Co-Occurring Disorders

In 2018, more than 9 million Americans struggled with Co-Occurring Disorders.

What are Co-Occurring Disorders?

Co-occurring disorders, formerly known as dual diagnosis, is the technical term for mental health disorders that coexist with substance abuse disorders. Approximately 8 million individuals in the United States of America suffer from co-occurring disorders, particularly as people with mental health disorders are statistically more likely than those without to have a substance abuse disorder. Furthermore, co-occurring disorders are often difficult to identify, due to the wide array of symptoms, and as a result, only one disorder is identified for treatment. This often means that the symptoms are generally unalleviated until mental health professionals and substance abuse counselors are able to properly diagnose each disorder. Dual diagnosis is often a misnomer for co-occurring disorders, along with comorbidity – neither of them truly encompass co-occurring disorders, which is a specific term for the co-occurrence of substance use disorders alongside mental health disorders.

How we approach treatment.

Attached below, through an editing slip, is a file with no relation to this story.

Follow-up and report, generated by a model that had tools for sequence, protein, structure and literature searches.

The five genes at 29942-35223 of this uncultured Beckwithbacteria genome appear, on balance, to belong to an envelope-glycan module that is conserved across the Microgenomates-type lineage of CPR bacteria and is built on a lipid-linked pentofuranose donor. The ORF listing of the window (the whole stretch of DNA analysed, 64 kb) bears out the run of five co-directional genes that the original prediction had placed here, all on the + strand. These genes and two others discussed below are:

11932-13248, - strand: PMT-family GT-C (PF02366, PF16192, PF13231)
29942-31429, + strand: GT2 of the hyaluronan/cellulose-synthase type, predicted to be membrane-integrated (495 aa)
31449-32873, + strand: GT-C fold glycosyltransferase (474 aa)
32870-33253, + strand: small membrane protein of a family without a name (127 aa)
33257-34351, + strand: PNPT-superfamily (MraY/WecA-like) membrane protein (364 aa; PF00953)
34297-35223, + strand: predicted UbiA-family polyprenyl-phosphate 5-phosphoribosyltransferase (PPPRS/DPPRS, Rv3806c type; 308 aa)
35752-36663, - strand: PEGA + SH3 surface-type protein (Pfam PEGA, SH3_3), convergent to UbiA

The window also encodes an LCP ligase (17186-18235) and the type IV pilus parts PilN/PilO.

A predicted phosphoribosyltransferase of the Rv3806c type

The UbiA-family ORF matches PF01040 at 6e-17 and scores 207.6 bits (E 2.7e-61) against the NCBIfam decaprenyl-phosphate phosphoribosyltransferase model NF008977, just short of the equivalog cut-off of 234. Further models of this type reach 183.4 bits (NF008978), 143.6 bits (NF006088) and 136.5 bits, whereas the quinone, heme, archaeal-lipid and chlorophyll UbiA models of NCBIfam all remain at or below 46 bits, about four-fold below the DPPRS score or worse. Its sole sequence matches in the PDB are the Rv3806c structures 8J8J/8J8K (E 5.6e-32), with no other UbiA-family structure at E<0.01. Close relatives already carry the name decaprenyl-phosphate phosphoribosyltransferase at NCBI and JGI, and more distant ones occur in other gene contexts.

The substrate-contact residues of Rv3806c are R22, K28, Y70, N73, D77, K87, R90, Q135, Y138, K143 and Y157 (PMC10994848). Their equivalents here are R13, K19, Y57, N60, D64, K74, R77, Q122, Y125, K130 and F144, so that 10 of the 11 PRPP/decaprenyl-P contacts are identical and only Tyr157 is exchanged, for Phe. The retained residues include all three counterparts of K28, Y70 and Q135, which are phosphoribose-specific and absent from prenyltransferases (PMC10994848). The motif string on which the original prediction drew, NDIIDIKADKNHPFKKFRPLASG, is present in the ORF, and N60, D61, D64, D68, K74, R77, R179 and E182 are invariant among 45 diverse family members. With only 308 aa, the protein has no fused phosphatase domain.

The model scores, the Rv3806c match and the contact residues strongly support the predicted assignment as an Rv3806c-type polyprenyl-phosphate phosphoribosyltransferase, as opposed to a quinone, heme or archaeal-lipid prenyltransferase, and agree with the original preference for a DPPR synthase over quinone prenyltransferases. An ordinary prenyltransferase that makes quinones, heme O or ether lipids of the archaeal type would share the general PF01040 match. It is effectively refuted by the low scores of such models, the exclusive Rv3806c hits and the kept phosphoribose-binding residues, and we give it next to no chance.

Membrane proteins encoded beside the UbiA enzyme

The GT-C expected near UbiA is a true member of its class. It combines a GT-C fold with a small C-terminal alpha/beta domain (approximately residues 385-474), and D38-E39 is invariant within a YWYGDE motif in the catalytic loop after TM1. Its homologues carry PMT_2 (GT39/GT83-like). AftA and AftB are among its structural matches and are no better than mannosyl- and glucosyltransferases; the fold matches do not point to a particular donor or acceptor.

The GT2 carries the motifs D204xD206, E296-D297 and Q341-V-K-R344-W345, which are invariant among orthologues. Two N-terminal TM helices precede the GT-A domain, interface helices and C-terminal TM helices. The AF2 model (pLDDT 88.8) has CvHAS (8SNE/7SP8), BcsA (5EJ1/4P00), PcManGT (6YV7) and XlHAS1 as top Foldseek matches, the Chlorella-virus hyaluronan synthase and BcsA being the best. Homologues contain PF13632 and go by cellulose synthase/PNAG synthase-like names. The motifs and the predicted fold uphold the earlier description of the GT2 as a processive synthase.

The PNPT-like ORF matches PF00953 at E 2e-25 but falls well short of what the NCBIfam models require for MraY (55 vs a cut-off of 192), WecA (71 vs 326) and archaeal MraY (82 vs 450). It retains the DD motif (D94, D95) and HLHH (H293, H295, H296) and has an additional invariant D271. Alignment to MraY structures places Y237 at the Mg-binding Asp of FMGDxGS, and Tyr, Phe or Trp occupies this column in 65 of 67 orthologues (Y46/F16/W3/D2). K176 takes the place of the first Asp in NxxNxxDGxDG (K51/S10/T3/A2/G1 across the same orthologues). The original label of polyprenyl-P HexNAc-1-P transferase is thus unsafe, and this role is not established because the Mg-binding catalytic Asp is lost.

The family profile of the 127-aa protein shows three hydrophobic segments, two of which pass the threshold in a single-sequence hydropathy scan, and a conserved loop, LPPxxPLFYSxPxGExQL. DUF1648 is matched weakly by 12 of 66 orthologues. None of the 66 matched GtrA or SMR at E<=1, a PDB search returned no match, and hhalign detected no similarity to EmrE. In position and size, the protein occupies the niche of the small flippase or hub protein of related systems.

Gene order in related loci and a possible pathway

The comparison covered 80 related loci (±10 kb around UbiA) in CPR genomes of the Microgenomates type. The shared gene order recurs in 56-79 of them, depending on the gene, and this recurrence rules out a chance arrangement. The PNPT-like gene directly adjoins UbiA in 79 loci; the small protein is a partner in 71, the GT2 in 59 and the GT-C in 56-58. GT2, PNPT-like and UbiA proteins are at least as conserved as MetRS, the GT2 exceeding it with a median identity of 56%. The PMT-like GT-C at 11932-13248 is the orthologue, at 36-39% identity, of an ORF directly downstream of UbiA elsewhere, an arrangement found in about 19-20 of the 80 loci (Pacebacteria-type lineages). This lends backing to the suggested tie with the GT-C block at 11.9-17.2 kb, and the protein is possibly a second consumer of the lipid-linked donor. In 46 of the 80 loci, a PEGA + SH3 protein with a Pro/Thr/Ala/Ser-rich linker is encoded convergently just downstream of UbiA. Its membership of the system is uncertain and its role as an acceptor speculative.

Treatment for co-occurring disorders must aim to treat both the mental health disorder and the substance abuse disorder, including treatments such as medical detoxification, psychotherapy, family therapy, social support groups, medication to treat mental health disorders, and aftercare treatment. Some psychotherapy approaches that may also be used as treatment are cognitive behavioral therapy, dialectical behavioral therapy, and interpersonal therapy. Treatment levels depend on duration and severity of the individual’s condition, with detoxification, as well as residential treatment, partial hospitalization treatment, intensive outpatient treatment, or outpatient treatment depending on the severity within the individual. We at Divine House utilize a myriad of expert professionals in order to create a treatment team that is uniquely qualified to treat the various different aspects of co-occurring disorders. We focus on lifestyle changes such as improving sleep habits, addressing any chronic medical conditions, improving communication skills and nutritional behaviors, working on family and intimate relationships, addressing and managing legal issues as well as job skills and work-related issues. Furthermore, we recognize that recovery is a lifelong process – simply because a patient has completed therapy and is well on their way to rehabilitation does not mean that they do not require aftercare, which is why we provide recommendations to programs such as 12-step meetings, recovery support groups, online support groups, and outpatient therapy sessions.

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